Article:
EXCLUSIVE: VA downplays risk assessment report

A 2013 internal security risk assessment of the Department of Veterans Affairs’ main electronic health record system that warned a data breach was “practically unavoidable” did not take into account various security mitigation actions the department had already taken to address a very specific vulnerability, according to VA officials.

The heavily redacted assessment of the Veterans Health Information Systems and Technology Architecture, or VistA, first reported last week by CNBC and obtained by FedScoop, warned it was “practically unavoidable that a data breach to financial, medical and personal veteran and employee protected information may occur within the next 12 to 18 months.”

But a VA official familiar with the risk assessment, speaking on background, told FedScoop the draft report was proposed last year by staff to address “a very specific but narrow risk, and its contentions were not intended to apply to all VA IT systems.”

The official said the report “did not take into account all of the defense-in-depth, mitigating security factors VA already has in place on its systems and network.” In addition, the report was reviewed by senior VA leadership, who “initiated actions to either validate existing mitigation controls or to put in place additional protections,” the official said.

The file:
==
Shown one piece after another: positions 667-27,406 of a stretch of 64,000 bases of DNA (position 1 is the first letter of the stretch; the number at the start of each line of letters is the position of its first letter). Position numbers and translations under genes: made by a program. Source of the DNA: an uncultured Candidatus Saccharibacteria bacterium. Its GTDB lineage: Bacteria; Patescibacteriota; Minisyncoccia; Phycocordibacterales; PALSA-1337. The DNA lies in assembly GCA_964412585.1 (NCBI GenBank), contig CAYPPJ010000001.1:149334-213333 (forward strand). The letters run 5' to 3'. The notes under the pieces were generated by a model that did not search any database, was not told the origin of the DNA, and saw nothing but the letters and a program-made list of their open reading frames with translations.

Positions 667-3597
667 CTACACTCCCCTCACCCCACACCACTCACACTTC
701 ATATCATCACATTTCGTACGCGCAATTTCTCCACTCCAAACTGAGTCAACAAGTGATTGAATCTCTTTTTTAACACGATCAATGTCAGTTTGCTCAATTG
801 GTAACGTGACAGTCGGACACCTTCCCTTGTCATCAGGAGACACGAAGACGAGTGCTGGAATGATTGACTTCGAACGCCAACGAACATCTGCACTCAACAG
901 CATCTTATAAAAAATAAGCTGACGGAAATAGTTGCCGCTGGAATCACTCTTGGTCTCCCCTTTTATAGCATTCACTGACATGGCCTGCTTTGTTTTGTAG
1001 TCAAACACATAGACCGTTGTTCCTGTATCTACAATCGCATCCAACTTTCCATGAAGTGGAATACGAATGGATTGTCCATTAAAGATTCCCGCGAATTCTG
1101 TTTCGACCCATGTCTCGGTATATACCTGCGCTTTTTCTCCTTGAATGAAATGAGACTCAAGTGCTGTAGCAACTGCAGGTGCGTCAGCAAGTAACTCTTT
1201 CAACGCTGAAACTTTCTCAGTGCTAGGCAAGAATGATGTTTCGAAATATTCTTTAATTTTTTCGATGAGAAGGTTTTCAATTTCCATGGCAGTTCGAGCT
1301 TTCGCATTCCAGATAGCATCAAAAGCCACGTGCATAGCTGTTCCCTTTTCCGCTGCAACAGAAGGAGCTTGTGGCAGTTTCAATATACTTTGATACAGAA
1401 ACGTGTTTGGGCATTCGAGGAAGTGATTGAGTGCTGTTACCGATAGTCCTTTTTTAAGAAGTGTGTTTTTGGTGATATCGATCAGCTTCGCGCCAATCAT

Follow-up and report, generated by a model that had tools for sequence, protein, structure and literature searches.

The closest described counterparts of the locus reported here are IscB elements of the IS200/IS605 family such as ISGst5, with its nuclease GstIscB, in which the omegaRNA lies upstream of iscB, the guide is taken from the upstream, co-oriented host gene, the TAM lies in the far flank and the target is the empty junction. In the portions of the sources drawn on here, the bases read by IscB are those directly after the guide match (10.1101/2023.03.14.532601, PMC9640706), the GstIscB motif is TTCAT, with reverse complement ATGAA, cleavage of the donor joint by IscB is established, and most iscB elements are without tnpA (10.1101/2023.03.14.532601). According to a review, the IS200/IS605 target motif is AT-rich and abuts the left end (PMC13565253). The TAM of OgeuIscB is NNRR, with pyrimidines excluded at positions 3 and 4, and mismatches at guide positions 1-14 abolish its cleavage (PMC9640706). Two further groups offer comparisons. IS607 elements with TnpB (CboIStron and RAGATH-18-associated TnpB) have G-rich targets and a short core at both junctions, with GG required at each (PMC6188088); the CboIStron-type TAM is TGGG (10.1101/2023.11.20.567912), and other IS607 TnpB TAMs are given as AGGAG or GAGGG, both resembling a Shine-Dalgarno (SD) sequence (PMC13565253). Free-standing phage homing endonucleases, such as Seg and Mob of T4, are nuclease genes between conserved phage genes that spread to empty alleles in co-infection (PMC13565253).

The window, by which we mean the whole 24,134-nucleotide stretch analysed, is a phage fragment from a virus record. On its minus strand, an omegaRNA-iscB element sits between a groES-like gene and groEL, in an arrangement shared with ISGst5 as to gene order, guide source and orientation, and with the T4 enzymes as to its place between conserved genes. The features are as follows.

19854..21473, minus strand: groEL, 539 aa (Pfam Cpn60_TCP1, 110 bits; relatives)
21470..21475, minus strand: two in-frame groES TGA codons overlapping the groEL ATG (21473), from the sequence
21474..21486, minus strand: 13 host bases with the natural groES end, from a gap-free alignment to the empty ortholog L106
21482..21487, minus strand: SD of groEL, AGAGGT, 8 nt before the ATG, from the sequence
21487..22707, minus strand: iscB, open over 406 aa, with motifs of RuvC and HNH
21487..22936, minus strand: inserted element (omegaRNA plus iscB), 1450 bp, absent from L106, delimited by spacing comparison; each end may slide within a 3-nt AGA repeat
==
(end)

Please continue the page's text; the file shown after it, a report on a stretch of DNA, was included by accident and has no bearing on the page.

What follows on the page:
Publicly, a VA spokesperson said the agency “has in place a strong, multilayered defense to combat evolving cybersecurity threats … [and] is committed to protecting veteran information, continuing its efforts to strengthen information security and putting in place the technology and processes to ensure veteran data at VA are secure.”

VA’s public response, however, has not settled the issue as far as some members of the House Committee on Veterans Affairs are concerned. Late Friday, Rep. Jackie Walorski, R-Ind., issued a statement pressing VA for answers on what portions of the risk assessment are no longer valid and what the agency has done to fix the vulnerabilities contained in the report.

“It’s incumbent upon VA to clarify what specific portions of this report were inaccurate and what changes have been made since the report has been finalized,” Walorski said. “Is a data breach to veterans’ financial, medical and personal information ‘practically unavoidable’ as the report states? If not, how likely is it? VA owes it to America’s veterans and American taxpayers to answer these questions in short order.”

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